Smiling is rather contagious around dishes like these (come on – LOOK AT THE PHOTOS!). The Fiancé turned into something of a Cheshire Cat as he tucked into his warm wild mushroom, onion and thyme tart, pausing sporadically to tell me ‘this is going to be the best…this is going to be the best…’ like some sort of deranged mushroom fanatic. With that said, I’m almost positive I got googly-eyed over my starter of foie gras and chicken liver parfait. When layered with rhubarb and blood orange jelly on top of perfect slices sourdough toast, a blast of rich flavour coated each bite.

After taking a few incredible chomps of The Fiancé’s faultless steak, I focused my attention on my own plate. My main – an ugly composition of roasted veal atop thyme spatzle, jerusalem artichoke and chanterelles – could be the tantamount example: you do not judge a book by its cover. In fact, I could only reiterate Giles Coren’s tweet while he dined at Sonny’s in 2012: ‘I am having one of the meals of my LIFE’. Caps and all.

Desserts, as you would be right to assume, were equally excellent. First – a crème fraîche tart with wafer-thin fresh pastry that practically vanished into thin air. Second (but in no way second best) – a creme caramel with golden raisins and Sauternes which offered a succulent, fruity, and nutty layer to what is usually my least favourite pudding. Not this time.

Hidden gem alert.

Sonnys Kitchen London
Sonnys Kitchen London
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the pig new forest
The Pig (in the Forest) was the highlight of my yesterweek. Known also for its rave-reviewed and shabby chic hotel, the real magic lies in its cuisine; The Pig is a self-identified ‘restaurant with rooms‘.

What first appears to be a contemporary country escape hidden in Victorian clothing is, in fact, much more. At the helm you will find Head Chef James Golding (Soho House New York, Mark Hix, et al) setting the tone and calling the uncomplicated shots of a restaurant that boasts an incredible British menu based on the micro seasons of the forest. In the truest sense of the phrase ‘home-grown’, everything on the menu comes from The Pig’s walled gardens, surrounding grounds, or suppliers within a 15 mile radius.

Starting our day with a tour of the gardens, it was impossible to be unaffected by Golding’s infectious love for his work. While my house in London would be lucky to sprout a mushroom, James’ extensive fruit and vegetable beds feature unusual and impressive ingredients – from sea beet to lemon chilli – which we were encouraged to touch, smell, and build a Pig-sized appetite for. With the culinary experience being so dependent on the gardens, in fact, the menu can often be changed by the hour.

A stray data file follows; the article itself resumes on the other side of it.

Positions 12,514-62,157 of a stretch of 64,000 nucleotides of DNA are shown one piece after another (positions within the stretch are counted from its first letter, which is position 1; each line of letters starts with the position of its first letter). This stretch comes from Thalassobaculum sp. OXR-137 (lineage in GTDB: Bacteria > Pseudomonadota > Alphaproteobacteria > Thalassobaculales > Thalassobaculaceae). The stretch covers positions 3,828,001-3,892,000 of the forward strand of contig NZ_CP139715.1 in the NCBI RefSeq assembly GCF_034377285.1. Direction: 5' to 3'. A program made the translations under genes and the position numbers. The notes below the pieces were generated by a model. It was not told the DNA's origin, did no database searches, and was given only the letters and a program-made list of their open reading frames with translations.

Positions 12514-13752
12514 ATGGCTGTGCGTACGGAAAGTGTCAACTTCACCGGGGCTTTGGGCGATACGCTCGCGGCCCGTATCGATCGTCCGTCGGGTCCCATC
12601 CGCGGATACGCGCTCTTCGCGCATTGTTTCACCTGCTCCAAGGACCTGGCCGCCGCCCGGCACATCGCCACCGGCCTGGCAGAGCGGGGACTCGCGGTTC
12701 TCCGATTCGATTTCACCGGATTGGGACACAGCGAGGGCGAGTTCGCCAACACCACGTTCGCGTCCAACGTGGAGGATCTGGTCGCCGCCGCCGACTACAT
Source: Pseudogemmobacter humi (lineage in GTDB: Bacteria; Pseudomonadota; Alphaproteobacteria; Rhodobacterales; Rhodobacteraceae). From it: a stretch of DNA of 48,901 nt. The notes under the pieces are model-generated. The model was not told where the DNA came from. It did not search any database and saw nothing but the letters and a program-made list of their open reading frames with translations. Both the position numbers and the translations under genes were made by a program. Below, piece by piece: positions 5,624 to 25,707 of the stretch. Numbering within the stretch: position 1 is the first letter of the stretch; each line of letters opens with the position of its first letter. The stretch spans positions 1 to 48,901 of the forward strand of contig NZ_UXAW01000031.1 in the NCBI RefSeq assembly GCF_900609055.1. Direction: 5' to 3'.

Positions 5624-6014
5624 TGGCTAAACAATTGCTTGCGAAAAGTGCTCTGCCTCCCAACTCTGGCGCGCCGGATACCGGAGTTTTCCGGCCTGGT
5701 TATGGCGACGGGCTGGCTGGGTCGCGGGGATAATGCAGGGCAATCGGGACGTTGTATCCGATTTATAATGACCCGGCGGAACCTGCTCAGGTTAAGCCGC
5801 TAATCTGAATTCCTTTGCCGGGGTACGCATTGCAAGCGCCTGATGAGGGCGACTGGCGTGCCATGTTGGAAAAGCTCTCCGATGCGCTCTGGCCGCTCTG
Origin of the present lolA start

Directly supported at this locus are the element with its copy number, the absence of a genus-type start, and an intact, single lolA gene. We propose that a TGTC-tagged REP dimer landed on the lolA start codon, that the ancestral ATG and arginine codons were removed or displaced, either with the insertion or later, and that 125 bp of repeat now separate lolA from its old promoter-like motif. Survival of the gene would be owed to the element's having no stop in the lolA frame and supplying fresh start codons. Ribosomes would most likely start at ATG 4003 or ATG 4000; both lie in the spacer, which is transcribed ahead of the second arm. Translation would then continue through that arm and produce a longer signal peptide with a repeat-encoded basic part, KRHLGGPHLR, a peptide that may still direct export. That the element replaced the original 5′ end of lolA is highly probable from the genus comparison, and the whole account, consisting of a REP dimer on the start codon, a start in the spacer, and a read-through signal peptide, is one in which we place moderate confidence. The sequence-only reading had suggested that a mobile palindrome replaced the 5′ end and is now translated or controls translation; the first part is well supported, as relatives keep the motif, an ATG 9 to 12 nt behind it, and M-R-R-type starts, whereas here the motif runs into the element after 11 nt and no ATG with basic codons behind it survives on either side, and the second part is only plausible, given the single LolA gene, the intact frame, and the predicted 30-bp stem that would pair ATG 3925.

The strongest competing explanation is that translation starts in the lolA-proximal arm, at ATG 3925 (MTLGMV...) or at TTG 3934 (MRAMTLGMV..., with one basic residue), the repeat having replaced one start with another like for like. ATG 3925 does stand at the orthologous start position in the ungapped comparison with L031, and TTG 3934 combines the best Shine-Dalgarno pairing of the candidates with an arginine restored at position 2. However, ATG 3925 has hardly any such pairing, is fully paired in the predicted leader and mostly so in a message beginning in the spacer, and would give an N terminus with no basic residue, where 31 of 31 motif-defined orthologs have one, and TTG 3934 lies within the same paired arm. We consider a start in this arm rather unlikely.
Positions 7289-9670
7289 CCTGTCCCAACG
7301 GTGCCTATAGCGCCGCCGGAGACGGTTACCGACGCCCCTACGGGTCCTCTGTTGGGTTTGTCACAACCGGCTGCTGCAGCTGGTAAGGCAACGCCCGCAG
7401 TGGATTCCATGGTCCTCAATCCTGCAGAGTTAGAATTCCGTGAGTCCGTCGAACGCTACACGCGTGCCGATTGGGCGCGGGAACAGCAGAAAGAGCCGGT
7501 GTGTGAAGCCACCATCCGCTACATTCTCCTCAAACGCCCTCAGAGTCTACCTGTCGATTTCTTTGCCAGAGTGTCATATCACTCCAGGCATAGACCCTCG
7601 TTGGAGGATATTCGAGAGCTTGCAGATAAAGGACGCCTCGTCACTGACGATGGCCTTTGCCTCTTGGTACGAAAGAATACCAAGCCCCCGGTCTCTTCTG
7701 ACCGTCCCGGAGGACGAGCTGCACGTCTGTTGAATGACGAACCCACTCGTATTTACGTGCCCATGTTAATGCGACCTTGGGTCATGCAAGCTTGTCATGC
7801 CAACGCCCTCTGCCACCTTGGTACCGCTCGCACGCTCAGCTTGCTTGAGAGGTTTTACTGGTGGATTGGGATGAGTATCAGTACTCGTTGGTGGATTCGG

Obviously, our menu was saturated with fresh, fine food. Settling into the gorgeously vine-clad conservatory dining area, we were welcomed with a selection of ‘Piggy Bits‘ (£3.50 each); Saddleback crackling & apple sauce (the lightest I have ever eaten), crispy lardo & smoked chilli sauce, and Brock eggs & Colman’s dressing.

Insider tip: When you feel you could eat a lunch of £3.50 dishes alone, you are guaranteed a phenomenal dining experience.

The menu did not disappoint one foodie at the table. As a starter I opted for home-made black pudding & a poached hen egg with garden apple, red watercress, and Perry dressing (£7). The texture, flavour and simple warmth of the dish was exactly what a starter should be; the foreplay. The exciting build-up – with a handful of twists and turns – that you would happily enjoy on its own.

By the time the mains arrived, our table of seven was titillated. One brave companion ordered the Whole Roasted Bath Chap (on a board) with Nasturtium mash and homemade apple sauce (£14.50) – a dish so fresh the teeth were left in. Others opted for plates erring on traditional; a 24oz Double Romsey Pork Chop (£20) which arrived with onion rings, sprout tops, and a creamy mustard sauce and ‘The Pie @ The Pig‘ (£15.50) with Hampshire lamb, minted potatoes and garden chard. Plates stacked with love and technical genius.

My own main, hand-dived Lyme Bay scallops & crispy bacon with creamy mashed potato and monk’s beard (£19.50), has become an all-time hero dish. My tongue is rather judgemental when it comes to the individual ingredients in this dish, so I was eager to see how everything would tie together (and, critically, what would let the dish down). Nothing let the dish down. Savoury and fresh, the scallops came out at a perfect consistency and – alongside the creamy potatoes – offered a delicious taste between strong flavours.

After our meal, we took an ever-so-slightly merry trip to the new baby of The Pig Family, Southampton’s ‘The Pig in The Wall‘ – a boutique hotel with the same kitschy luxury of The Pig In The Forest. Quite literally a stone’s throw from your next ferry to the Isle of Wight, the bed and breakfast has everything you would need for a short stay, including a complimentary shuttle to ‘The Pig in The Forest’ for your dietary delights.

Who knew I could ever feel such affection for a Pig? (Barring micro pigs. Hello.)